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    The two most important responsibilities of a manager are to work towards achieving specific goals and creating significant relationships with subordinates. Attaining goals without creating and maintaining healthy relationships with employees is unsustainable because in the end employees might experience burnout. In fact, attaining goals as a manager requires task accomplishment through the skills of others hence the need to build lasting relationships. However, too much focus on building these relationships might easily cause one to lose sight of the original goals.
    How to attain goals by maintaining an enthusiastic following
    According to an article published by (2011, p. 6), managers should consider three factors: a clear strategy in establishing goals, and defining ways to attain them and understanding the context and placing each employee in the strategic places where they will work optimally. The third factor is related to the concept of voice, which allows employees to speak up and share their opinions. These three steps show a strong correlation between goal attaining and building relationships. Acas argument is that establishing goals precedes building relationship with equal influence. When a healthy relationship is centered on the roles, the employee can perform to help achieve stipulated goals.
    While seeking to strengthen relationships, Covey Stephen suggests that managers need to build trust in the workplace (n.d., p. 1). When a manager trusts his subordinates, they can easily assign tasks, and when employees trust their manager, they will not feel as if they are being misused or underused. Besides, managers will not have an overbearing presence in the sight of their subordinates. Mutjaba and colleagues (2013, p. 144) introduced the idea of cultural accommodation. At times, managers are forced to work with people representing diverse cultures. In such a scenario, building relationships may not be that easy, diminishing the effectiveness in attaining goals. Different cultures have different approaches to achieving their goals. Besides, misunderstandings are likely to occur in the workplace (Zhang, Wang, and Shi, 2012, pp. 114). Therefore, managers need to acquaint themselves with other people’s cultures to use the right approaches when assigning duties/tasks.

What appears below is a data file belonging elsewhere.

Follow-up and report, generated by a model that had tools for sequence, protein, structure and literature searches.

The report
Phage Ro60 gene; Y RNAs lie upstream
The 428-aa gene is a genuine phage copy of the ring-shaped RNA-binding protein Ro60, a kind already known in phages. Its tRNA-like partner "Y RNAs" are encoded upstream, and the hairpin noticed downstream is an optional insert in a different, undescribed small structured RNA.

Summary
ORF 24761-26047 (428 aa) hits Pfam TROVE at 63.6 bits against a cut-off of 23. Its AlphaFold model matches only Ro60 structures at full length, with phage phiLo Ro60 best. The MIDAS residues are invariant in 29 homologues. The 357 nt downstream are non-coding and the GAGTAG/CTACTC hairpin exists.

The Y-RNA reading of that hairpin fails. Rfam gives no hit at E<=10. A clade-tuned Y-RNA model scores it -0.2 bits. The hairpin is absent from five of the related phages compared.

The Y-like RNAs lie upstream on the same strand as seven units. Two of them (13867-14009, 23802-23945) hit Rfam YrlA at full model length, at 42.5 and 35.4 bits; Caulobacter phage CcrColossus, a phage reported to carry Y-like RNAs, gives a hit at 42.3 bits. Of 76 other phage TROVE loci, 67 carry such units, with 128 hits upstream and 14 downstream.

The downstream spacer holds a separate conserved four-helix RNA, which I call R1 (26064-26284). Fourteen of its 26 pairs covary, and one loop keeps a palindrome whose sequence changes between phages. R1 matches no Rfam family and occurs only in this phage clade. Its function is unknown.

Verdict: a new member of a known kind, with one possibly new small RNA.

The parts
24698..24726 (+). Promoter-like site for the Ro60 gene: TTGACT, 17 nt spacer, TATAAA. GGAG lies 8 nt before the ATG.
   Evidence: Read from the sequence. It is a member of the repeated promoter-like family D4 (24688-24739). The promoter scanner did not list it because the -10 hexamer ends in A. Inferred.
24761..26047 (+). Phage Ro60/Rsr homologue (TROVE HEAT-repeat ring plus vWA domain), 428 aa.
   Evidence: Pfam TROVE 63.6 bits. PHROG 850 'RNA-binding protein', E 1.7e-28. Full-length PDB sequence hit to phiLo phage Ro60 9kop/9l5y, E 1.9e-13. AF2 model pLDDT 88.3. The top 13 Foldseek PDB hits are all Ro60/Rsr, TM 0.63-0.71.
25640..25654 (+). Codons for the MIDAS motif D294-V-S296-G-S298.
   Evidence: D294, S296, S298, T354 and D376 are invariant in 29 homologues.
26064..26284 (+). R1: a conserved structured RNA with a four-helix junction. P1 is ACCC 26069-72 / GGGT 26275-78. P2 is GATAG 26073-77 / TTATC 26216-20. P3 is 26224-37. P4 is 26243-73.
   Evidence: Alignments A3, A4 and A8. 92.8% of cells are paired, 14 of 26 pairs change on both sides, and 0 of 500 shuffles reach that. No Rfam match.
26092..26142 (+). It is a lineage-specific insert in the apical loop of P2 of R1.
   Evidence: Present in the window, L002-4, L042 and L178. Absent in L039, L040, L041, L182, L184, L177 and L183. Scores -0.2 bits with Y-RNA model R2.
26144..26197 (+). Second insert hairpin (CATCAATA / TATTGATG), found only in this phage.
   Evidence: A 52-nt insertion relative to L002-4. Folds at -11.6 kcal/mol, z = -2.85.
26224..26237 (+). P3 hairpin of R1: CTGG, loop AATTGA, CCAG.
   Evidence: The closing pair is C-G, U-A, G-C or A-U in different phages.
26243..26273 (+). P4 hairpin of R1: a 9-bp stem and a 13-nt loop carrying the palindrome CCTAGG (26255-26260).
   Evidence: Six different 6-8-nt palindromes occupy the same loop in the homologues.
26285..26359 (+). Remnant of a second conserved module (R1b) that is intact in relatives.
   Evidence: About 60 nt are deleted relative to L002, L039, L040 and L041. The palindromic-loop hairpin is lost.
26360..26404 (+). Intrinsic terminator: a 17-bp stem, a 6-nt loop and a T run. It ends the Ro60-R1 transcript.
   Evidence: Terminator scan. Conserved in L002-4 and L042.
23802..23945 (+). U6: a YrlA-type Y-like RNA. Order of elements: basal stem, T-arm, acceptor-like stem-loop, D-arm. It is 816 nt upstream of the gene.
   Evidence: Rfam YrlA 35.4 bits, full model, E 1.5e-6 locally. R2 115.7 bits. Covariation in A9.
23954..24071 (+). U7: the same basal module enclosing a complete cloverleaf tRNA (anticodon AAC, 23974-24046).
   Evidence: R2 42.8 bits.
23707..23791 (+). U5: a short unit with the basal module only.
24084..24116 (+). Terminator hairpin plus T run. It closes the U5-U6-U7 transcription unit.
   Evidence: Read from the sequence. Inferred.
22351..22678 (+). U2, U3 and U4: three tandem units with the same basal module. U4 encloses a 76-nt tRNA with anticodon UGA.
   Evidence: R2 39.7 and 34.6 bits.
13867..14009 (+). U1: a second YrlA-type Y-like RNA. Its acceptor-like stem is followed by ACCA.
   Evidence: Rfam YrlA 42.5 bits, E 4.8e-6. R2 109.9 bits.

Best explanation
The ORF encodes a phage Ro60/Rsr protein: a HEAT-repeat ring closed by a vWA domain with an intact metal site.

While seeking to build trust and achieve cultural accommodation, Blanchard Institute (2016) argues that four essential skills; listening, inquiring, truthfulness and confidence, are also necessary. They are crucial in eliminating conflicts that may depress relationships between managers and their subordinates. For instance, inquiring is useful when a manager needs to measure the progress of stipulated goals and assigned tasks. This contrasts prior assumptions or seeking information from other sources that may not be reliable. Blanchard Institute also suggests “four core conversations: Goal Setting, Praising, Redirecting and Wrapping Up.” When tasks assigned to employees are completed as expected, managers need to praise and appreciate them to increase their enthusiasm to perform better. In contrasts, wrapping up means going through the work submitted to ensure it is of good quality. These four conversations should be sequential in managerial interactions (Blanchard Institute 2016, p.2).